Section 28 was part of the 1988 Local Government Bill. It was a "don't say 'gay'" rule for schools that required local authorities not to "intentionally promote homosexuality or publish material with the intention of promoting homosexuality," nor to "promote the teaching in any maintained school of the acceptability of homosexuality as a pretended family relationship."

Section 28 remained law until Tony Blair's Labour government repealed it in 2003. The law itself did immense harm, but an unintended consequence of the law was that it galvanized the gay community. Boy George released a song called "No Clause 28" (which Section 28 was sometimes called), and Ian Mckellen came out and joined with others in co-founding an organisation called Stonewall.

Stonewall describes its foundation like this: "The aim from the outset was to create a professional lobbying group that would prevent such attacks on lesbians, gay men and bisexuals from ever occurring again." They did that and more. Over the years Stonewall lobbied for the repeal of Section 28, helped gain an equal age of consent and helped secure adoption rights and, finally, civil partnerships.

Even in the absence of Thatcher, however, Britain's Conservative Party fought the move toward equality tooth and nail. In 2003, when parliament voted to repeal Section 28, one of the 71 Conservative MPs who voted to block its repeal was the then-leader of the Conservative Party, Iain Duncan Smith. When the Conservatives tired of his leadership, they replaced him with Michael Howard, the very man who, as Local Government Minister, introduced Section 28 in 1988.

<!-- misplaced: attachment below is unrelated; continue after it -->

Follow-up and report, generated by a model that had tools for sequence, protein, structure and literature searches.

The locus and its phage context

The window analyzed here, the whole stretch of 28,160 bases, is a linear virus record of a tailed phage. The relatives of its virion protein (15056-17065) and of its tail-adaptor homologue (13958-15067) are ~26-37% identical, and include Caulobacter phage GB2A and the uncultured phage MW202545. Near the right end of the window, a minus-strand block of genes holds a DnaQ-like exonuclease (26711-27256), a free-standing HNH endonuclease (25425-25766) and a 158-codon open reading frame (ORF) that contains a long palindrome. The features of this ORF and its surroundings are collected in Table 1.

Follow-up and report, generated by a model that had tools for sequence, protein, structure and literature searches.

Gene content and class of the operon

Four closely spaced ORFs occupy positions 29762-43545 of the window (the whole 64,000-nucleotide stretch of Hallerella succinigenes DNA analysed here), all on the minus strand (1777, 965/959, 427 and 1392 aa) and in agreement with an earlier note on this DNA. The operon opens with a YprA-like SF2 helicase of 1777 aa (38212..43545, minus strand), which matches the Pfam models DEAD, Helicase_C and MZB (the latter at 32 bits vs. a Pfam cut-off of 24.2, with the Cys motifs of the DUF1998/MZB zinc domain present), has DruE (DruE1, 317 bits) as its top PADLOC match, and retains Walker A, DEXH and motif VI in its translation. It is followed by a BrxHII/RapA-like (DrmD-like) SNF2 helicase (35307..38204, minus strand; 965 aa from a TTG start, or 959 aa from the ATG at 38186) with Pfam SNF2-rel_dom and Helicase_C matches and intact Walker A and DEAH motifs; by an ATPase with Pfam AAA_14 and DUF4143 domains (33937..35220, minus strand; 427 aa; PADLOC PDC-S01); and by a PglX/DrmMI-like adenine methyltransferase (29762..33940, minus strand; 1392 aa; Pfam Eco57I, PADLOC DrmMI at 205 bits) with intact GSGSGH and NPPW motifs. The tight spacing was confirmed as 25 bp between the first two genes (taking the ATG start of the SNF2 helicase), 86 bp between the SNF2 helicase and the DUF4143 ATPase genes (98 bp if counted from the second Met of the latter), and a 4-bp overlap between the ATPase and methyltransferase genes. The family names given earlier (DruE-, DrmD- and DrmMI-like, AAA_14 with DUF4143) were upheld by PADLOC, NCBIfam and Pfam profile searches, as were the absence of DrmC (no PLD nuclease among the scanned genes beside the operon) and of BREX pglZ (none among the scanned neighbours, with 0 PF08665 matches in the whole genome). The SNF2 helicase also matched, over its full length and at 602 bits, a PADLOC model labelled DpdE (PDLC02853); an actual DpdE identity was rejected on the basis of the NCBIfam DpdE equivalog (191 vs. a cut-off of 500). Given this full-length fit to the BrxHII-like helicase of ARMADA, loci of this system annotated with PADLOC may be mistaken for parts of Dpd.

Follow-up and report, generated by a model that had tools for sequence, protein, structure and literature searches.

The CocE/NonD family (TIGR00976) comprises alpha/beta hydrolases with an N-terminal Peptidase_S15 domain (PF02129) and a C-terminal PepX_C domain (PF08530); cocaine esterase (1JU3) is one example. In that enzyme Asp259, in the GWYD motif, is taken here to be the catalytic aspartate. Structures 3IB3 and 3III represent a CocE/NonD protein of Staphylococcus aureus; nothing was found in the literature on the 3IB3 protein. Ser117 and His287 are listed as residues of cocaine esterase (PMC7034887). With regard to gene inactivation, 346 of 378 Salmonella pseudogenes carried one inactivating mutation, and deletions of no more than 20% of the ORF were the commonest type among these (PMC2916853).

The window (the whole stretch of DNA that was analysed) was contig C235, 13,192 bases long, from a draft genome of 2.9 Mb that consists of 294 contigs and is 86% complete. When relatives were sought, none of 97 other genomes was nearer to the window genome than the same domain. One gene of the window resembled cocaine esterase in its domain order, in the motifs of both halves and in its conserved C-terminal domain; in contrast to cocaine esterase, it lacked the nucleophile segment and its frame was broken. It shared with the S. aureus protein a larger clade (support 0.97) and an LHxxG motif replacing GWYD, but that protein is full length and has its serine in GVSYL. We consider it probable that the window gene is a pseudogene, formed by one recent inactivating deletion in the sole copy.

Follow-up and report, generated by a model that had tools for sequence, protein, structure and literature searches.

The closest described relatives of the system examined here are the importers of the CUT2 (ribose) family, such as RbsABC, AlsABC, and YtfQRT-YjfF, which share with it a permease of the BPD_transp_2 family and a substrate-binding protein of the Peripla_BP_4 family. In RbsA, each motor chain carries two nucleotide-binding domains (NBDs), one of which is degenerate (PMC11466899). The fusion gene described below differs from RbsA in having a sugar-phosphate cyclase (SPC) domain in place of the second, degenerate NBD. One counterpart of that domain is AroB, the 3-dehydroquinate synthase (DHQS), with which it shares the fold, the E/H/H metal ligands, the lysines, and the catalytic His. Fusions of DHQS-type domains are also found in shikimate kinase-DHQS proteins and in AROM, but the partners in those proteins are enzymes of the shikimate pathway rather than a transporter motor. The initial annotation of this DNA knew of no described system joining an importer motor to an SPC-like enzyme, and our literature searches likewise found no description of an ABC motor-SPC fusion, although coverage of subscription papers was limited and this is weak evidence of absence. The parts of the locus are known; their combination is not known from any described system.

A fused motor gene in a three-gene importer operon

Finally, after tiring of Howard, the Conservatives chose David Cameron as their leader. He became Prime Minister in May 2010. Bucking the trend of Conservative leaders with homophobic policies, he has since argued in favour of legalizing same-sex marriage in Britain. One year before the election that would take him to Downing Street, Cameron became the first Conservative leader to speak at a gay pride event. He did something unexpected that day. Addressing the crowd, he actually apologised for decisions taken under Thatcher's leadership. "I am sorry for Section 28," he said. "We got it wrong. It was an emotional issue. I hope you can forgive us."

Thatcher herself has never apologized. Having suffered a series of strokes and dementia-related memory loss in her old age, an apology will likely never come, even if she is genuinely sorry for the pain she caused the British gay community when it needed her most. So, go and see The Iron Lady and what I expect will be another wonderful performance by Meryl Streep. Just please don't come out of it thinking Thatcher wasn't a great deal less than marvellous.